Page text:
As you may recall from earlier columns, effective business performance management implementations are all about driving down the performance management pyramid from vision to strategies to objectives to critical success factors (CSFs) and finally to key performance indicators (KPIs). In our continuing effort to identify those important 10 to 15 KPIs, we will explore another Six Sigma technique called root cause analysis that uses a "cause and effect" diagram to discover all the processes driving a specific CSF. Because the diagram itself can look like the skeleton of a fish, the moniker of "fishbone" diagram has gained wide acceptance, and we will use this going forward (see Figure 1). However, if you want to impress your colleagues, you can use the more technical Six Sigma parlance - the Ishikawa diagram, named after Professor Kaoru Ishikawa of Tokyo University who developed this approach in 1943 to resolve steel production problems. Although the original intent of the fishbone diagram was to generate a comprehensive list of possible causes for manufacturing problems and defects, we will finesse the technique to identify the relationship between CSFs and KPIs.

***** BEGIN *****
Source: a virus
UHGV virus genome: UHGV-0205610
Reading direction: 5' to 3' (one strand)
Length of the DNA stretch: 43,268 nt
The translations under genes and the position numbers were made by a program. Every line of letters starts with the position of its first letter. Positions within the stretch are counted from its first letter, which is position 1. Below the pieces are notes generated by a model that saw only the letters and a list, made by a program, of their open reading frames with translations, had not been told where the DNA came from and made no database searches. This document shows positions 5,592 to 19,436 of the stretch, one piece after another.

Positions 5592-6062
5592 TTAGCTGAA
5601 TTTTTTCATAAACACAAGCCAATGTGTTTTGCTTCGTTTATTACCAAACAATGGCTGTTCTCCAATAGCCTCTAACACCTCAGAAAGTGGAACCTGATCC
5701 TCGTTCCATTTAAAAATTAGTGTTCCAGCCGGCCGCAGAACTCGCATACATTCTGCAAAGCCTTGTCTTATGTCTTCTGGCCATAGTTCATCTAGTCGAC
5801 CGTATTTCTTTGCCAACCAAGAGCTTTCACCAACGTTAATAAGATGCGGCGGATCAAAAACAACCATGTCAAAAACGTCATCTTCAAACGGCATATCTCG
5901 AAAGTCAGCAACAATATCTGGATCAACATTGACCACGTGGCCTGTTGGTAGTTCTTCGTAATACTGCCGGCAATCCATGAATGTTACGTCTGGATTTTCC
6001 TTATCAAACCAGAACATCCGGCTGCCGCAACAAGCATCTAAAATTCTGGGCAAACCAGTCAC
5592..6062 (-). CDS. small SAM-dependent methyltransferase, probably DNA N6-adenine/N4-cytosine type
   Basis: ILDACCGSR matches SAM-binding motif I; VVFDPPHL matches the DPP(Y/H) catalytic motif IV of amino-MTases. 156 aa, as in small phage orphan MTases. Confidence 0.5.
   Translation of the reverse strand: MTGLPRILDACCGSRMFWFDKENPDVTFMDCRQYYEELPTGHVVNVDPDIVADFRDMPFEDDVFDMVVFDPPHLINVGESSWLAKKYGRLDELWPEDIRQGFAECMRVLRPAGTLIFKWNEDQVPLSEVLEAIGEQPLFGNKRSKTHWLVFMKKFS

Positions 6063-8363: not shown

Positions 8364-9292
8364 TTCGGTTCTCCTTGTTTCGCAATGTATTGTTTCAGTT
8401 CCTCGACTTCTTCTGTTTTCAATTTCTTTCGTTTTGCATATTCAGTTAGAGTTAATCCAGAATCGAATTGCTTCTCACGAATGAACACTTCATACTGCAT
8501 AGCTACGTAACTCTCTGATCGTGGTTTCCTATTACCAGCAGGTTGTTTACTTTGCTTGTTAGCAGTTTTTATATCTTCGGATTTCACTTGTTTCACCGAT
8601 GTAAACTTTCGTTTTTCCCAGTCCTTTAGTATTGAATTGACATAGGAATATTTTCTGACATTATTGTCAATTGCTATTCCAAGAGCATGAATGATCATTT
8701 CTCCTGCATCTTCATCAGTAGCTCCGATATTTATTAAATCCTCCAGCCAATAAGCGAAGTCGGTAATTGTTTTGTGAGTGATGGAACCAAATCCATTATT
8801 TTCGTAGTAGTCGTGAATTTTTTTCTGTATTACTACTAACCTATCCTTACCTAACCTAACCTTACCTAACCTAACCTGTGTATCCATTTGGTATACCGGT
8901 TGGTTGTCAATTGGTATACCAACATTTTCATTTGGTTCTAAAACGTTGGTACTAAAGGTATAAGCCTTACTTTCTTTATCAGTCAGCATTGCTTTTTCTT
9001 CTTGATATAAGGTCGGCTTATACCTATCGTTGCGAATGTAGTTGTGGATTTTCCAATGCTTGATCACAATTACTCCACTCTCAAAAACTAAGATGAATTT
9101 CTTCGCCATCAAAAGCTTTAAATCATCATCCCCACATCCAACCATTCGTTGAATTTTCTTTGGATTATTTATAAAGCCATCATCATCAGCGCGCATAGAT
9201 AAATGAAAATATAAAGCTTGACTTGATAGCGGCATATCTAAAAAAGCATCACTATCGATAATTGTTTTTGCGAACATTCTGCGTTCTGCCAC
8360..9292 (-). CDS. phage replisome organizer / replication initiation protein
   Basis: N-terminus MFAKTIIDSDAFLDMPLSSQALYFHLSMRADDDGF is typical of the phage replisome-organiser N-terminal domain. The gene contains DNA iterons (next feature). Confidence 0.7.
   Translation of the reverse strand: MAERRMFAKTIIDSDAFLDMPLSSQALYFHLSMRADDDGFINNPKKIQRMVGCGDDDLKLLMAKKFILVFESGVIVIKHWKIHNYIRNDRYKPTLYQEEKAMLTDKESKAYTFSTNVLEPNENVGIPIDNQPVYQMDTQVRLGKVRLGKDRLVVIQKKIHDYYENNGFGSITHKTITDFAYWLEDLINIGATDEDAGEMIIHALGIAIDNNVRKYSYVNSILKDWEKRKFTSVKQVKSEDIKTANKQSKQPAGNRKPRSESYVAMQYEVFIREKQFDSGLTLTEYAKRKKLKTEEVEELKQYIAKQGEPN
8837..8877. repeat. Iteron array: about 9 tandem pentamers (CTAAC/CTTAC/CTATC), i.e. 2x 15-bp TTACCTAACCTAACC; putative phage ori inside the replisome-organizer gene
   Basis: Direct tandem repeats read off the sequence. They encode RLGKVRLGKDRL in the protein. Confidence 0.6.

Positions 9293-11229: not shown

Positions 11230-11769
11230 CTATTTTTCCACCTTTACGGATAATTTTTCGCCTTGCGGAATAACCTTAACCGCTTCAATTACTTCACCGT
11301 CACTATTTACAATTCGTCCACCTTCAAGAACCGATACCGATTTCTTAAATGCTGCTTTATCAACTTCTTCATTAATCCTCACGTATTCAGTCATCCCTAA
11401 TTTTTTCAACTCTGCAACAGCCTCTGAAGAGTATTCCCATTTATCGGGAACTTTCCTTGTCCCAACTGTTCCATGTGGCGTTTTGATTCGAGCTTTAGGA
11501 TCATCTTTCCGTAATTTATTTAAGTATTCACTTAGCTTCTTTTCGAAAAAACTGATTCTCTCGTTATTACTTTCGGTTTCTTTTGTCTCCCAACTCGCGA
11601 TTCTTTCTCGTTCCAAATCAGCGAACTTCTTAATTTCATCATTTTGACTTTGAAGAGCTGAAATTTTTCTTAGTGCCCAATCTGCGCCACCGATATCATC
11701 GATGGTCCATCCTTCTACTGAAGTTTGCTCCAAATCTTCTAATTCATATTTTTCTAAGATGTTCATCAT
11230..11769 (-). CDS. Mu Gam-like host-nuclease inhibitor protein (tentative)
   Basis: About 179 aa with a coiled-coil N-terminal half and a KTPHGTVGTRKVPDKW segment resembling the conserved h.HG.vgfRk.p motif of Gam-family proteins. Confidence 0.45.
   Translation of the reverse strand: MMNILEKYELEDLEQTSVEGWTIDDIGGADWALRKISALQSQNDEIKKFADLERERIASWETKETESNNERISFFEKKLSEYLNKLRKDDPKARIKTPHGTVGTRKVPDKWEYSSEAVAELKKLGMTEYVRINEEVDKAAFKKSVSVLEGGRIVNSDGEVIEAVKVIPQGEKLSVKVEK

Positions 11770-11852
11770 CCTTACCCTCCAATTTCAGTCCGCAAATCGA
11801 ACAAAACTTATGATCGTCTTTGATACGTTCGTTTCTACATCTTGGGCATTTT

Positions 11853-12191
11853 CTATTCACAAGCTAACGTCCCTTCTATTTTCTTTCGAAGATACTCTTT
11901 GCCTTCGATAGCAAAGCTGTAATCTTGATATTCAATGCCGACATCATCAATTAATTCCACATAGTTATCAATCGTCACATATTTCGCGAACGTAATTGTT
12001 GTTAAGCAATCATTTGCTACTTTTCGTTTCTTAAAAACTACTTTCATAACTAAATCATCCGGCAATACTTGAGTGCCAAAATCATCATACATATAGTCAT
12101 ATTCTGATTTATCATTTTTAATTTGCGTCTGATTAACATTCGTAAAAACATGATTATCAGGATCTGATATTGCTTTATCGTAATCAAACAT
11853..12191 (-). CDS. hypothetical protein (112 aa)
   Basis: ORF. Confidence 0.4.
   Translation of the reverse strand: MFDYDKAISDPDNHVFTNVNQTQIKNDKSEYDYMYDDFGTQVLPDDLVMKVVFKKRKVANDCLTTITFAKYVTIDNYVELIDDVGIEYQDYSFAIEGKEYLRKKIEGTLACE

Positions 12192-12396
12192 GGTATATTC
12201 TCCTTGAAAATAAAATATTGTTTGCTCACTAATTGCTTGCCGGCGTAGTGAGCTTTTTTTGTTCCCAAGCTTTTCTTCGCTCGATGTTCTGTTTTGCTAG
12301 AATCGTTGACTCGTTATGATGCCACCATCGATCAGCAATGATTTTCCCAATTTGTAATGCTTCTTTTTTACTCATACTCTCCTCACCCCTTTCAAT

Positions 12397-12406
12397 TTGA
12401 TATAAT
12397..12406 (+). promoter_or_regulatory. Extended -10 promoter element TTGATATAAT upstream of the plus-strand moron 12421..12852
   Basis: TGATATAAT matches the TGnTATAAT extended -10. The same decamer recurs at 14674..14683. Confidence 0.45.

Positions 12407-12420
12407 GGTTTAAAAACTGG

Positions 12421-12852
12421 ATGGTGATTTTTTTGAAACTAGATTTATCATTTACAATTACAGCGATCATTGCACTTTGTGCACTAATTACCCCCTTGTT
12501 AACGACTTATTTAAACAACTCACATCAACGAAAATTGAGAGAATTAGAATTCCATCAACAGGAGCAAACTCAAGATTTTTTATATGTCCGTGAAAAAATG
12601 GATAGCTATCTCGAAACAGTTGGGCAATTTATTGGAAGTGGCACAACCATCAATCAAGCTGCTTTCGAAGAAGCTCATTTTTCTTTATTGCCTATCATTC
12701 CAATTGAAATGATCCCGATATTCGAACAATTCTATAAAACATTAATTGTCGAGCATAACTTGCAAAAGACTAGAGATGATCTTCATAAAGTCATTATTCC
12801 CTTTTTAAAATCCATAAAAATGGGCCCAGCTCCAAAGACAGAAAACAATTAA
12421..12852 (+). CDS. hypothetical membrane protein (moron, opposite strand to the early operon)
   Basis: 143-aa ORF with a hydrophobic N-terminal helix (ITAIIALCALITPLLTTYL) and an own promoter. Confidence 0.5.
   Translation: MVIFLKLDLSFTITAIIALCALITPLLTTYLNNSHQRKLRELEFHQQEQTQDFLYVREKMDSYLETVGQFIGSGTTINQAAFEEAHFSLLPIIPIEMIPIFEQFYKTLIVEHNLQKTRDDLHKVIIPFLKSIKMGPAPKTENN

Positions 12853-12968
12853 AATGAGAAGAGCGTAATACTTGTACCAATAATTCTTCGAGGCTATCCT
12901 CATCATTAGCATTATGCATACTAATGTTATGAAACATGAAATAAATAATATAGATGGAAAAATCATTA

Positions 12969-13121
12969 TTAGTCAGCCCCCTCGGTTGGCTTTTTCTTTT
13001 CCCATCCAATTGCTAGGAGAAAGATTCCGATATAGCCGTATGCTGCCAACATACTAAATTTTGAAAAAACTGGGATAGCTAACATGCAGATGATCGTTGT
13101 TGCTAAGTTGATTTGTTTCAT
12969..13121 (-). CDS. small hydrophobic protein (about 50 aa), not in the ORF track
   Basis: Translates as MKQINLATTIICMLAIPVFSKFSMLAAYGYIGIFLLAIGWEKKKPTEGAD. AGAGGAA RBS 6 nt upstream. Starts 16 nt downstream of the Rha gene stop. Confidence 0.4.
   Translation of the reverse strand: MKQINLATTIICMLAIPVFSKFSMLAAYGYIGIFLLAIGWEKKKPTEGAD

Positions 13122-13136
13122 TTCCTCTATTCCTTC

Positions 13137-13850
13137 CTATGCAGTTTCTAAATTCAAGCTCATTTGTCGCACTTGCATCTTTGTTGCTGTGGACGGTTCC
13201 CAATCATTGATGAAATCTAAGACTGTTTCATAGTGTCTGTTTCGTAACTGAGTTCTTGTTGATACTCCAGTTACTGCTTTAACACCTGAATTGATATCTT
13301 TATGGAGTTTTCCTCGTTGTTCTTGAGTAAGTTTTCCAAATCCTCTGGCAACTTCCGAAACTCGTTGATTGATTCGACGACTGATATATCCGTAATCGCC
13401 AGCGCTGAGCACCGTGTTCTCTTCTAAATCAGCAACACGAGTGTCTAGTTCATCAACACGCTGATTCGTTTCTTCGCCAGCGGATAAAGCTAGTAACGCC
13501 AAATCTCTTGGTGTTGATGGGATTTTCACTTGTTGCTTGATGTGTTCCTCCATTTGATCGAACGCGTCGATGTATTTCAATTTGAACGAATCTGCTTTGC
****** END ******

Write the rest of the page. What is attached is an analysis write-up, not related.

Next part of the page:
For our case study, we will focus on supply chain management (SCM), and show how the fishbone diagram allows us to think through all those cause components that potentially influence SCM productivity and help identify the candidate metrics for KPIs. Creation of an effective fishbone diagram includes the following steps:

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